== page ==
6 thoughts on “P62 – Smith

  1. What are the possible causes of the DNA becoming non-viable, and what protocols could prevent that in the future?

    1. In the future, it would be best to retry the DNA isolation protocol. It’s quite common for it to not work the first couple tries. My partner and I probably did a step wrong or took too long at a certain part so that’s why the DNA bands on the gel looked very light.

  2. Figure 4 shows that the DNA is low quality and likely to be degraded. What does this mean for your research and conclusions and how does this relate to the phage’s antibiotic qualities?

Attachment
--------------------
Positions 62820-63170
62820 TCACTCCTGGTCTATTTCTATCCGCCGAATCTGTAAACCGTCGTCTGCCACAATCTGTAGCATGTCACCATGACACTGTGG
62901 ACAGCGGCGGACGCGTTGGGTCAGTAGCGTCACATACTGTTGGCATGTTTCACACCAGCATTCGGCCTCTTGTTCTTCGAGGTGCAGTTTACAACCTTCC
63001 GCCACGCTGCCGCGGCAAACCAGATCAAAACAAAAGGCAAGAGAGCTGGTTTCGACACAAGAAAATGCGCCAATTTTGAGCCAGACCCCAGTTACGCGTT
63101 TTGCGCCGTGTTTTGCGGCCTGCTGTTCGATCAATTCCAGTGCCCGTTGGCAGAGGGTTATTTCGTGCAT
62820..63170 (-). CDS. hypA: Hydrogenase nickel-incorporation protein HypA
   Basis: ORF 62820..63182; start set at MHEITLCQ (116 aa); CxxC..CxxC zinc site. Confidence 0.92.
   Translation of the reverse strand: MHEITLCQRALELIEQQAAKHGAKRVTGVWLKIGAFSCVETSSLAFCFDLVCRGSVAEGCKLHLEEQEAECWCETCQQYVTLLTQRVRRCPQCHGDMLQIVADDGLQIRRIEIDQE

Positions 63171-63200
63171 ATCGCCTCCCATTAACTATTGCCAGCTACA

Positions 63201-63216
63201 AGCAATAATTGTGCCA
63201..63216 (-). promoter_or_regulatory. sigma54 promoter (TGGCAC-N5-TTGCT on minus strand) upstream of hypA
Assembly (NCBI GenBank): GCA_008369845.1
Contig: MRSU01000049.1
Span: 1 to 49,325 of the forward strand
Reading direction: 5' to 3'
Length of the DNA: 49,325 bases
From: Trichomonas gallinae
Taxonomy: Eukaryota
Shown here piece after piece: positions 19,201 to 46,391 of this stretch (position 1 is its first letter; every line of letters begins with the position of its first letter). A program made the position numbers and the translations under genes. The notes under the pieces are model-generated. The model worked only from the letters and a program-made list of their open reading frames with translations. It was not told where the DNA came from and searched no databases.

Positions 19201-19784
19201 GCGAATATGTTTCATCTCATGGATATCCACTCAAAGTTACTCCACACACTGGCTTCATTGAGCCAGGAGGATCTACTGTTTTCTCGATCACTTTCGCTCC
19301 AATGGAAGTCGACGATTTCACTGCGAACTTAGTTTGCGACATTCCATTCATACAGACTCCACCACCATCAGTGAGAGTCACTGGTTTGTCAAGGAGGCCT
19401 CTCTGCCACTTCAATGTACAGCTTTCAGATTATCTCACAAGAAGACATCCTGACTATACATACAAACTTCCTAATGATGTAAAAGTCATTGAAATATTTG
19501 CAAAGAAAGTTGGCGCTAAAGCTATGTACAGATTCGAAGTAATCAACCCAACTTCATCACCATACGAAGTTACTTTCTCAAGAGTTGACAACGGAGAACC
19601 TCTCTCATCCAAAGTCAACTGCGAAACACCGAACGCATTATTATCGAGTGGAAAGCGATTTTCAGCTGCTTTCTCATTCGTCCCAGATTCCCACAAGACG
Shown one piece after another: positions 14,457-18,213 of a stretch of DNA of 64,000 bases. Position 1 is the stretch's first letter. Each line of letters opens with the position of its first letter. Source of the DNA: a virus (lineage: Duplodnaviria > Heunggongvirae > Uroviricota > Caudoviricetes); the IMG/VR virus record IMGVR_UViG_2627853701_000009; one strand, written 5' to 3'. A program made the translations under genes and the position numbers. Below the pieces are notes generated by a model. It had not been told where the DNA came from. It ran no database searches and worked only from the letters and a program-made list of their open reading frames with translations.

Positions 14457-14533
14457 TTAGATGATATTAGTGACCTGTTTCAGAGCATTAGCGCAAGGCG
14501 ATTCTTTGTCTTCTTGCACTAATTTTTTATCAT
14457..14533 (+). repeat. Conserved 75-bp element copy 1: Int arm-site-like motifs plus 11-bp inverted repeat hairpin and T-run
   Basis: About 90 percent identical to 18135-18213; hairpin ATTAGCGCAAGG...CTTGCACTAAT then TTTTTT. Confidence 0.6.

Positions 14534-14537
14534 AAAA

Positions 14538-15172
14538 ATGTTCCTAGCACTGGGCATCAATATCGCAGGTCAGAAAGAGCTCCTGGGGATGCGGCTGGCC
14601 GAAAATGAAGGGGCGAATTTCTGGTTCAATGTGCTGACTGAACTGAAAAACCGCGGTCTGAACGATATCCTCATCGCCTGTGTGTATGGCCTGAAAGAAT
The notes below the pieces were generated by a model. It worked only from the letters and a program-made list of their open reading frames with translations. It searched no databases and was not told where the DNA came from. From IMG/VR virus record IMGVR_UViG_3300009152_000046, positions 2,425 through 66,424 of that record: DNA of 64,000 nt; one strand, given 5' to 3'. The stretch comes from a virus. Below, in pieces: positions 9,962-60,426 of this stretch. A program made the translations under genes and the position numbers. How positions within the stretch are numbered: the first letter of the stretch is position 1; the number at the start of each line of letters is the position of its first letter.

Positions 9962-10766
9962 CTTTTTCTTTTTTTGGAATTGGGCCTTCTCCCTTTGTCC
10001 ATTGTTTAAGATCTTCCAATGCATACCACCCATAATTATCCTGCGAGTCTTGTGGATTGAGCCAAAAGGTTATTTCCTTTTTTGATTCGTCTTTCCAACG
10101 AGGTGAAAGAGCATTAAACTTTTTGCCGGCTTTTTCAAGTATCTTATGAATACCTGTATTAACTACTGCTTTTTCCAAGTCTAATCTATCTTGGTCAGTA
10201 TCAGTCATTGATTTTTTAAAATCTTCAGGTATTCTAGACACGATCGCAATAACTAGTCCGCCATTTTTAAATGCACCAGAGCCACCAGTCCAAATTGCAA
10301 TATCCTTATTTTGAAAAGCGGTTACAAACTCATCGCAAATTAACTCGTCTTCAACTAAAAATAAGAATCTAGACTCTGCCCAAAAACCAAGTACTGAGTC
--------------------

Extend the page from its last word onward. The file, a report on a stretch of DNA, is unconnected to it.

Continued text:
1. The degraded DNA likely is due to a certain step in the DNA Isolation protocol. Though it may mean that there is little DNA phage present, it’s more than likely due to human error during that protocol.

  3. What is so important about the implication of the discovered phage in therapeutic practices?

    1. Great question! Phage is super important for its possibilities in treating antibiotic resistant bacteria. There’s been a huge rise over the years of antibiotic resistant “superbugs” that are extremely difficult to treat. Phage has the potential to treat these bacterial superbugs, which antibiotics cannot successfully treat.

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